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The Pros and Cons of Outsourcing

April 1, 2001
Related Topics: Outsourcing, Featured Article
Ed Rankin, CEO of People Solutions, Inc., a human capital management companyin Irving, Texas, says about 80 percent of the cost of running an HR departmentis transactional. That's what makes it well suited for outsourcing. "Peopleget confused about the term," Rankin says. "If an HR professionalwants to continue spending their professional career dealing with transactionsand paperwork, then they should worry about outsourcing. But if they are readyto elevate their activities to a strategic level, outsourcing frees them up tofocus on that."

    But there are downsides.

    "Companies that outsource need to really sell the benefits beyondcorporate cost-savings to the employees. Many have established relationshipswith HR professionals within their company, people they know and that they relyon for quick and accurate answers to their questions," says Deb Thobe, CEOof Thobe Group, Inc., a human resources management consulting group inCarrollton, Texas.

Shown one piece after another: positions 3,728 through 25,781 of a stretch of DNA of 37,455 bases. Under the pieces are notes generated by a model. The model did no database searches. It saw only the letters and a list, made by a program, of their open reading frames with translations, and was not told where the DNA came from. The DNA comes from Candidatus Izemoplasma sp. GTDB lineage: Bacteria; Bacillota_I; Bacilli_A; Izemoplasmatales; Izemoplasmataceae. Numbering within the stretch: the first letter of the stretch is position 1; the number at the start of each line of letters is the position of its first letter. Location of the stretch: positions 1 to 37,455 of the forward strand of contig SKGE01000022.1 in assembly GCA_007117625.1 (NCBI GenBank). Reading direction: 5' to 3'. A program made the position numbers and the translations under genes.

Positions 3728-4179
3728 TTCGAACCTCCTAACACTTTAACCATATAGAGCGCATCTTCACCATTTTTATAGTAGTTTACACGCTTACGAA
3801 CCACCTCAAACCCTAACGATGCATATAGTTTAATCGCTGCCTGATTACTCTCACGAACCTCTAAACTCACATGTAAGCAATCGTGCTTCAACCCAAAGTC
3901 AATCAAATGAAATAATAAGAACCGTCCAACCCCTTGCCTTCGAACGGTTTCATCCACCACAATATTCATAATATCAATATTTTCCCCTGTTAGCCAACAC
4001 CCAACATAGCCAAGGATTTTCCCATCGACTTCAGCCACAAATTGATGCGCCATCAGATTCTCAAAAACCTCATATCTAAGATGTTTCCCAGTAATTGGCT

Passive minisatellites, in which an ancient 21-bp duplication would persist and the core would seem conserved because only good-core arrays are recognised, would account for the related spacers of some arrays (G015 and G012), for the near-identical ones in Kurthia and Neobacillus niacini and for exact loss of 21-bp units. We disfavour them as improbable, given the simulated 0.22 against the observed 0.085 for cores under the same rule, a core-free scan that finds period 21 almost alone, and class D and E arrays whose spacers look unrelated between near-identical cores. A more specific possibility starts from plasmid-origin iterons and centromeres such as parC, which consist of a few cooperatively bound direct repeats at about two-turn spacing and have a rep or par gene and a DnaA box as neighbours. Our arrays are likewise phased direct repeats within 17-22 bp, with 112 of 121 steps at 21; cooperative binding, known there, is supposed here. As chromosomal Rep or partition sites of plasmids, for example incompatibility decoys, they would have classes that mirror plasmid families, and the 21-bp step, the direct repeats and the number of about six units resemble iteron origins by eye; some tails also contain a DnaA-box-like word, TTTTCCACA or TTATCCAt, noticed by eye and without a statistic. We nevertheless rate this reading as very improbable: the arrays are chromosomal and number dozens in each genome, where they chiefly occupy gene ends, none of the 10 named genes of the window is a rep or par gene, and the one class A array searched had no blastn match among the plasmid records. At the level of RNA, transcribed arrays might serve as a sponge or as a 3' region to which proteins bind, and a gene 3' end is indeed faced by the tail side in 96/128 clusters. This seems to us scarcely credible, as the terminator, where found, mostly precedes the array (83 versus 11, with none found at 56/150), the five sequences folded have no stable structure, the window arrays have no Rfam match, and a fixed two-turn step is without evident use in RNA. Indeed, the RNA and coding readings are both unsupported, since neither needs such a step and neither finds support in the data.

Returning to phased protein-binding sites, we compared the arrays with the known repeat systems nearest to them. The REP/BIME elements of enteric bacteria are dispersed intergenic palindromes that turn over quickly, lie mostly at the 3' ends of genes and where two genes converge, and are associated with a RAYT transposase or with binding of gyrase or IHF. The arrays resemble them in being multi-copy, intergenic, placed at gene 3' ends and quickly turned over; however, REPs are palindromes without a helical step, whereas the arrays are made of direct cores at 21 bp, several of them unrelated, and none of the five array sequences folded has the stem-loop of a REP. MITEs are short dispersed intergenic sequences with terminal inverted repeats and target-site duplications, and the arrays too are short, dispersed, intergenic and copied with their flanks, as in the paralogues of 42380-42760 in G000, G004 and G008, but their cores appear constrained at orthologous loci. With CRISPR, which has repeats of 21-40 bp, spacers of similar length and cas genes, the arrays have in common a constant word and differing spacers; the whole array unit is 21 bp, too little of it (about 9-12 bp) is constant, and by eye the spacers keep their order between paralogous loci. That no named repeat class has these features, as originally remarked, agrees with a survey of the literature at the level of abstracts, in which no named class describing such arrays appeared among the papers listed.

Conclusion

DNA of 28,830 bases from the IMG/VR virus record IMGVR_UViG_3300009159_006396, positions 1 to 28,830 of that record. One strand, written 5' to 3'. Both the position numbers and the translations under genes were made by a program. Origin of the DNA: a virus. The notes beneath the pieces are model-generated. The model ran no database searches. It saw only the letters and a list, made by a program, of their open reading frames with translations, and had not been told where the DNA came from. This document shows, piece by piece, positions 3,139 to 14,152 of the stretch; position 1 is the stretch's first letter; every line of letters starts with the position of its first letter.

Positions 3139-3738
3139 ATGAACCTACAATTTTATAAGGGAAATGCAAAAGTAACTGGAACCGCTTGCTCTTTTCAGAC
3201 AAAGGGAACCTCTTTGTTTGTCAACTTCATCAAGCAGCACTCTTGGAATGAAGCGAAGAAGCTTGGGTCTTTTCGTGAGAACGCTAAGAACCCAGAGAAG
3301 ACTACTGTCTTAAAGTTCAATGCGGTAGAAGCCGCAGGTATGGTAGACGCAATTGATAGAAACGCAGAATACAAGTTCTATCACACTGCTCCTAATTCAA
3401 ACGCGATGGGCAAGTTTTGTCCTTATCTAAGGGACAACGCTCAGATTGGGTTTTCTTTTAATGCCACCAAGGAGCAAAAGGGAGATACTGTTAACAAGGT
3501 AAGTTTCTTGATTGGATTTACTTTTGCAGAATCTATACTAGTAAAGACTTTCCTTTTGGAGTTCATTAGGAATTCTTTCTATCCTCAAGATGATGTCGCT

Thobe knows people who've reacted to outsourcing HR with a feeling ofabandonment. She says if a company views its HR department as a true strategicbusiness partner-rather than a department of paper-pushing administrators-it'smuch more likely to keep HR in-house. "When HR is more like 'personnel,'it's also more apt to be outsourced, because the inherent value is notthere."

    She says it's often easier for employees to accept the giving away of numbercrunching and administrative functions as long as the personal functions-likecompensation and benefits-are kept in-house.

    "Ironically, outsourcing compensation activities usually doesn't savemoney," Thobe says. "It just moves the cost to a different part of thebalance sheet. Compensation activities require a realunderstanding of the industry, the company, and the day-to-day and strategicobjectives. It's not just about going to a survey book and getting somenumbers."

    If a company chooses the right resource for its needs, however, it can dropsome dollars to the bottom line. What a company can't measure is the psychiccost, Thobe says. "You won't know the message employees receive when theyno longer have a local resource to turn to."

Workforce, April 2001, p. 53SubscribeNow!

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